Question: How Did The Dust Bowl And The Great Depression Affect California??

In 1931, a severe drought hit the Southern and Midwestern plains.

As crops died and winds picked up, dust storms began.

By 1934, 75% of the United States was severely affected by this terrible drought.

The one-two punch of economic depression and bad weather put many farmers out of business.

Why did farmers go to California during the Dust Bowl?

Migration Out of the Plains during the Depression. During the Dust Bowl years, the weather destroyed nearly all the crops farmers tried to grow on the Great Plains. Many once-proud farmers packed up their families and moved to California hoping to find work as day laborers on huge farms.

How did the Dust Bowl affect the rest of the US?

The massive dust storms forced farmers out of business. Deflation from the Depression aggravated the plight of Dust Bowl farmers. Prices for the crops they were able to grow fell below subsistence levels. In 1932, the federal government sent aid to the drought-affected states.

What states did the Dust Bowl effect?

Dust Bowl, a section of the Great Plains of the United States that extended over southeastern Colorado, southwestern Kansas, the panhandles of Texas and Oklahoma, and northeastern New Mexico. The term Dust Bowl was suggested by conditions that struck the region in the early 1930s.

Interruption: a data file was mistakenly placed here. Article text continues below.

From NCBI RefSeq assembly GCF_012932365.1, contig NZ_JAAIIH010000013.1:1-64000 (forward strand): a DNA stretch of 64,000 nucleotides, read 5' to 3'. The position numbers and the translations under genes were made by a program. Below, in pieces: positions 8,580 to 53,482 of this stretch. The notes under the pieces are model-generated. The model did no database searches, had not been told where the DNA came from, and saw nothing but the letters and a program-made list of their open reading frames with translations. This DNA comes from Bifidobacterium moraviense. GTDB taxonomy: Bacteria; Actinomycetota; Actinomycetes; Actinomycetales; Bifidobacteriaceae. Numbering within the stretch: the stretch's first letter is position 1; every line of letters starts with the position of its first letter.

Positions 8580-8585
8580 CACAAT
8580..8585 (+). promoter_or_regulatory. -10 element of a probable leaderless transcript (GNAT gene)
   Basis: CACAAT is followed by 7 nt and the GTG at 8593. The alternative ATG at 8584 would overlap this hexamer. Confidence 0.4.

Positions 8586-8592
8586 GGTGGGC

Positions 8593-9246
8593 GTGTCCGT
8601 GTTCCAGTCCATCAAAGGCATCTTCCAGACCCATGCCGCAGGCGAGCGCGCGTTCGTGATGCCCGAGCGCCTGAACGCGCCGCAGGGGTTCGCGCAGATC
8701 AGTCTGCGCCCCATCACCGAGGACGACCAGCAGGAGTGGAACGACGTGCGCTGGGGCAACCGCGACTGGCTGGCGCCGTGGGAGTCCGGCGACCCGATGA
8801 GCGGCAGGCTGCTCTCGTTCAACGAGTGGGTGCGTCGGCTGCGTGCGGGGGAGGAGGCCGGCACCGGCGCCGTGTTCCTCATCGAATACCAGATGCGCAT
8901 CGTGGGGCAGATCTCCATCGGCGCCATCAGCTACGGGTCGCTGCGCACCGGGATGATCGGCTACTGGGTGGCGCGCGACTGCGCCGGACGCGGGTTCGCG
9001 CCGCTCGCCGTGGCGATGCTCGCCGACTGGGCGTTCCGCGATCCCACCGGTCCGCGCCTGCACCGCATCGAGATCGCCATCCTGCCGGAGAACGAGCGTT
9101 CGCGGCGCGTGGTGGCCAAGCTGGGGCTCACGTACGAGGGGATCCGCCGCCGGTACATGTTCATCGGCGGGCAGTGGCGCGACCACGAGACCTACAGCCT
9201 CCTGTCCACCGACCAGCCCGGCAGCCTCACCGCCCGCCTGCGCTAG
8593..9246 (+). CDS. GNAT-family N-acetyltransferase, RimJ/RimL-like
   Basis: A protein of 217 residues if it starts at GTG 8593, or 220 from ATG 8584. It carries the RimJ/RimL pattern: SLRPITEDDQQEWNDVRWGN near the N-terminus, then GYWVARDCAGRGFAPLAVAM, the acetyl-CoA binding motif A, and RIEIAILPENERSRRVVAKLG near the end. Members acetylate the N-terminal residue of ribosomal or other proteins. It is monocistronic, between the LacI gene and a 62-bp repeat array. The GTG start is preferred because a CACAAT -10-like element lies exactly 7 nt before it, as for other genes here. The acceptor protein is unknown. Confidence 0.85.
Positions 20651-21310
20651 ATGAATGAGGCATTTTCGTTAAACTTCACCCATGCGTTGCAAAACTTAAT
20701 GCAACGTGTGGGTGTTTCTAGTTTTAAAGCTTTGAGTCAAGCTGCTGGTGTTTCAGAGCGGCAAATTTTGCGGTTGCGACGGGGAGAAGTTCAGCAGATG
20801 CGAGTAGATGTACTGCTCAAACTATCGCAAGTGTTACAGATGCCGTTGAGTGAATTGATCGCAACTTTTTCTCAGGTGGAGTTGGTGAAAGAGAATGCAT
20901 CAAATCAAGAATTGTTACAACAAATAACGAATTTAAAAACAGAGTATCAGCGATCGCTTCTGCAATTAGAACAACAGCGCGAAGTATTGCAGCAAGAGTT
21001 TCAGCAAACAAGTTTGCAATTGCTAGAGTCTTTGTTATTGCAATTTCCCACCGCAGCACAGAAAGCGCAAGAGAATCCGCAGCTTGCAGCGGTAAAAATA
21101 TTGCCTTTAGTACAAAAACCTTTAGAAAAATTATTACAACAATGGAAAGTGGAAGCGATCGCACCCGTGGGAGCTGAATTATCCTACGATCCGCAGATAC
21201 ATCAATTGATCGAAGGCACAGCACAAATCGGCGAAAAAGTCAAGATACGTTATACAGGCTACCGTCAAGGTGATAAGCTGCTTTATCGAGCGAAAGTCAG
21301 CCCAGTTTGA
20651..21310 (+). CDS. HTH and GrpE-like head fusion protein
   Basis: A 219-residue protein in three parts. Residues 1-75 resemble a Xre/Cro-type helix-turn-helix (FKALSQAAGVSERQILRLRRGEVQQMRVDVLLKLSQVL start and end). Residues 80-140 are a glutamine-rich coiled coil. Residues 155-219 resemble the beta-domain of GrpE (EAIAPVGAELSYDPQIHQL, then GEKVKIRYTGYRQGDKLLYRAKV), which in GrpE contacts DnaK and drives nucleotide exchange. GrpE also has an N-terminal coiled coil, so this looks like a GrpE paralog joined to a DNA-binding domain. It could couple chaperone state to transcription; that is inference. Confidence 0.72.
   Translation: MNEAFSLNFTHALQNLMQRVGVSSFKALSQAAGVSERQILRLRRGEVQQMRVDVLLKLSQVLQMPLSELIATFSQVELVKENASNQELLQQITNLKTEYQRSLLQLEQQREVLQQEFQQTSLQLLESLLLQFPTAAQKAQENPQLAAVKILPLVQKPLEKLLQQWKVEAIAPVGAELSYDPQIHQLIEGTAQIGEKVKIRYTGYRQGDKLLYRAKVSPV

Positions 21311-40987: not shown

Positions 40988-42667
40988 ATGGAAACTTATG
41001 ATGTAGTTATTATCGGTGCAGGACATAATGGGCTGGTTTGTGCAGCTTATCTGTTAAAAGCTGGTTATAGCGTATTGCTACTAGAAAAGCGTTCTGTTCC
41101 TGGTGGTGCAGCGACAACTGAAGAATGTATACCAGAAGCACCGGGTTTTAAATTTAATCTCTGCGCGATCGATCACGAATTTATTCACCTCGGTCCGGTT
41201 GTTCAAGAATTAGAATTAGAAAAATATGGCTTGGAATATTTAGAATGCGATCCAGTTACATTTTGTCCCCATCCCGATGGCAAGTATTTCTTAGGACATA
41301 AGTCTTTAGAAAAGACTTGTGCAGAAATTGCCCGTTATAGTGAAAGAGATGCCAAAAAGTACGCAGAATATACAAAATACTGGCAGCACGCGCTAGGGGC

How many people went to California during the Dust Bowl?

In the 1930s, farmers from the Midwestern Dust Bowl states, especially Oklahoma and Arkansas, began to move to California; 250,000 arrived by 1940, including a third who moved into the San Joaquin Valley, which had a 1930 population of 540,000. During the 1930s, some 2.5 million people left the Plains states.

What was the impact of the Great Depression on California?

California was hit hard by the economic collapse of the 1930s. Businesses failed, workers lost their jobs, and families fell into poverty. While the political response to the depression often was confused and ineffective, social messiahs offered alluring panaceas promising relief and recovery.

How did the Dust Bowl affect the Great Depression?

In fact the agricultural devastation helped to lengthen the Depression whose effects were felt worldwide. The movement of people on the Plains was also profound. Poor agricultural practices and years of sustained drought caused the Dust Bowl. Plains grasslands had been deeply plowed and planted to wheat.

Why did the Dust Bowl farmers leave?

The Dust Bowl was a period of severe dust storms that greatly damaged the ecology and agriculture of the American and Canadian prairies during the 1930s; severe drought and a failure to apply dryland farming methods to prevent the aeolian processes (wind erosion) caused the phenomenon.

Photo in the article by “Wikipedia” https://en.wikipedia.org/wiki/Dust_Bowl